Video Link: https://youtu.be/gt5S2P5dqGQ
In this episode, Charlie Munger talks about how should the best parts of psychology and economics interrelate in an enlightened economist’s mind?
In this episode, you’ll learn:
The relationship between psychology and economics.
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CHARLIE MUNGER 00:08
How should the best parts of psychology and economics interrelate in an enlightened economist’s mind? Two views. That’s the thermodynamics model. You know, you can’t derive thermodynamics from plutonium, gravity, and laws of mechanics, even though it’s a lot of little particles interacting. And here is this wonderful truth that you can sort of develop on your own, which is thermodynamics.
Some economists and I think Milton Friedman is in this group, but I may be wrong on that, sort of like the thermodynamics model. I think Milton Friedman, who has a Nobel prize, is probably a little wrong on that. I think the thermodynamics analogy is over-strained. I think knowledge from these different soft sciences have to be reconciled to eliminate conflict. After all, there’s nothing in thermodynamics that’s inconsistent with Newtonian mechanics and gravity, and I think that some of these economic theories are not totally consistent with other knowledge, and they have to be bent. And I think that these behavioral economics, or economists, are probably the ones that are bending them in the correct direction.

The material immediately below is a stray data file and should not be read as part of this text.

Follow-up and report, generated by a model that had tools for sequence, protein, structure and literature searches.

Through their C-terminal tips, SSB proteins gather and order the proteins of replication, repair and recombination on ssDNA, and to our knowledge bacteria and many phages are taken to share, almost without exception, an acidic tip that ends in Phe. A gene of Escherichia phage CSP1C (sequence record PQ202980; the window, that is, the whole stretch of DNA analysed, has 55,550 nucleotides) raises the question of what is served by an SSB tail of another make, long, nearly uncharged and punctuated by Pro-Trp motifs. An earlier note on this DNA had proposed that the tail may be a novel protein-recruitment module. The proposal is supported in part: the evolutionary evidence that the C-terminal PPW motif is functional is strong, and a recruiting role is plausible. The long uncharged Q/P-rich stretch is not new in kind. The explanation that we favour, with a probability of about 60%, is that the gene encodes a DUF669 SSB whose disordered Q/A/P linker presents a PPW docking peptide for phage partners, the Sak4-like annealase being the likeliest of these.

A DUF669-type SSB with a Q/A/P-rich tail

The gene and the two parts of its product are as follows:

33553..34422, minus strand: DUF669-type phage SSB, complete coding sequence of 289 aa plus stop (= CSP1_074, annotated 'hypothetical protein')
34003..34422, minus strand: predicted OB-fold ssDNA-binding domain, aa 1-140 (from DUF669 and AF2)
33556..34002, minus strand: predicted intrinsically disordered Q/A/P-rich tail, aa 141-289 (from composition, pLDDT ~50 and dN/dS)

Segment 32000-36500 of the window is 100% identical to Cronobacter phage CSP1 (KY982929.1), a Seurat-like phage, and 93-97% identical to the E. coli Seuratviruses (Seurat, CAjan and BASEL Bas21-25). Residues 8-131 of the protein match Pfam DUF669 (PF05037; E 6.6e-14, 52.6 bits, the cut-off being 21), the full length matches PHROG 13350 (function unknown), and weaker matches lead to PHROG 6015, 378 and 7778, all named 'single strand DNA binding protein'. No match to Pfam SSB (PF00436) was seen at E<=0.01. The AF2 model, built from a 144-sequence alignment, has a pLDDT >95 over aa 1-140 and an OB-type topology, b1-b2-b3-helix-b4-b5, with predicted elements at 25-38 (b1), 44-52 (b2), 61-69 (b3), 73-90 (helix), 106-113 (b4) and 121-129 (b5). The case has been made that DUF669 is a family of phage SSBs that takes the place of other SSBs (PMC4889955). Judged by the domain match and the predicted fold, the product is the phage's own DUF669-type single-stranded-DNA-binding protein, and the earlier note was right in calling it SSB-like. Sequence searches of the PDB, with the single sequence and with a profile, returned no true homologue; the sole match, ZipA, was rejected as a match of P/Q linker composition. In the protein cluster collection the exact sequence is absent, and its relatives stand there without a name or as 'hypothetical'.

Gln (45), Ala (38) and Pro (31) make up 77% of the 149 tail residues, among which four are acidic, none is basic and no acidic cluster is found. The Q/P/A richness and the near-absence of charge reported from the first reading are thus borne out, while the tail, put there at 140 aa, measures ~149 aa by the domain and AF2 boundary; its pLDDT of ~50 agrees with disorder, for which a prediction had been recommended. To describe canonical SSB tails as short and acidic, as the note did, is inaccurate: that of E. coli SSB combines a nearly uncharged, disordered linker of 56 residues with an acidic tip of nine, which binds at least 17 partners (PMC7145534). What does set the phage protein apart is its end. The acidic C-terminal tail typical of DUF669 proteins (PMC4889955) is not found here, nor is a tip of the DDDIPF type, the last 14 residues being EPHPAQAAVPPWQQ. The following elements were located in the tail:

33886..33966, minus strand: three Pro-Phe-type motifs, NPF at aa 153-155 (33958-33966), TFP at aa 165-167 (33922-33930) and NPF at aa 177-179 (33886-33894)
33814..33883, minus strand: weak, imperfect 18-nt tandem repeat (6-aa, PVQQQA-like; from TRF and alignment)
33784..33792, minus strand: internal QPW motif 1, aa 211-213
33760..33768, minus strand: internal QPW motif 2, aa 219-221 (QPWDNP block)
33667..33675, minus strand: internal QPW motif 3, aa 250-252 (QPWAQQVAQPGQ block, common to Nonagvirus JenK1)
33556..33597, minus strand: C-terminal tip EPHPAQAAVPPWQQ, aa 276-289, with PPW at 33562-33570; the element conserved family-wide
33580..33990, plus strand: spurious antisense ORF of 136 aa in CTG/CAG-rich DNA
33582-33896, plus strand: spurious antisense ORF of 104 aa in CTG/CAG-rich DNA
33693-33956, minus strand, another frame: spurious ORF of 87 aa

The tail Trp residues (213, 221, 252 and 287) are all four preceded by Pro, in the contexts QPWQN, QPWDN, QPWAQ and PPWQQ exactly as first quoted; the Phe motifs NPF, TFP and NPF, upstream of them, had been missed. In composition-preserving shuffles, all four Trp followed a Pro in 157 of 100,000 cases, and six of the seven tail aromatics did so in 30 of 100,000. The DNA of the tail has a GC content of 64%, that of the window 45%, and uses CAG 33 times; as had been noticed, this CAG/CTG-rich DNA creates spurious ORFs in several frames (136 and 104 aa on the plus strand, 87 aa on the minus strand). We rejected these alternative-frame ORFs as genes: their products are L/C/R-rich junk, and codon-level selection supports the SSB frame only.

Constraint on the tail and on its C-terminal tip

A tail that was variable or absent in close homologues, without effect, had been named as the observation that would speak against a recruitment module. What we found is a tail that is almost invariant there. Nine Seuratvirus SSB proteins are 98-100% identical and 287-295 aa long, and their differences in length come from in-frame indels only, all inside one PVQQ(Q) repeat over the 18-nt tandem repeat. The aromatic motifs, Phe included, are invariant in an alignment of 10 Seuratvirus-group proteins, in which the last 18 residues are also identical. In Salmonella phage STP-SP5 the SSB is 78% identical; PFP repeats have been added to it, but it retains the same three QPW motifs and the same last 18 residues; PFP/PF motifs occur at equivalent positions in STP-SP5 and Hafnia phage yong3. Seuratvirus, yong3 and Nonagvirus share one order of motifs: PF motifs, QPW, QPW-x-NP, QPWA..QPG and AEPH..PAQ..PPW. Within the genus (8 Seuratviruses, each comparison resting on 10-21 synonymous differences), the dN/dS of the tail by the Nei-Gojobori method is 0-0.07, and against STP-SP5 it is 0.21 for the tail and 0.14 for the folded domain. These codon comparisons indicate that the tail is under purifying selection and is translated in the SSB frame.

Now, my prediction is when economists take a little psychology into account that the reconciliation will be quite endurable. Here, my model is the procession of the equinoxes. The world would be simpler for a long-term climatologist if the angle of the axis of the Earth’s rotation, compared to the plane of the Euclyptic, were absolutely fixed. But it isn’t fixed. Over every 40,000 years or so there’s this little wobble, and that has pronounced long-term effects. Well, in many cases, what psychology is going to add is just a little wobble, and it will be endurable.
Here, I quote another hero of mine, who of course is Einstein, where he said, “The Lord is subtle, but not malicious.” And I don’t think it’s going to be that hard to bend economics a little to accommodate what’s right in psychology.
The final question is if the thought system indicated by this list of psychological tendencies has great value not widely recognized and employed, what should the educational system do about it? I am not going to answer that one now. I like leaving a little mystery.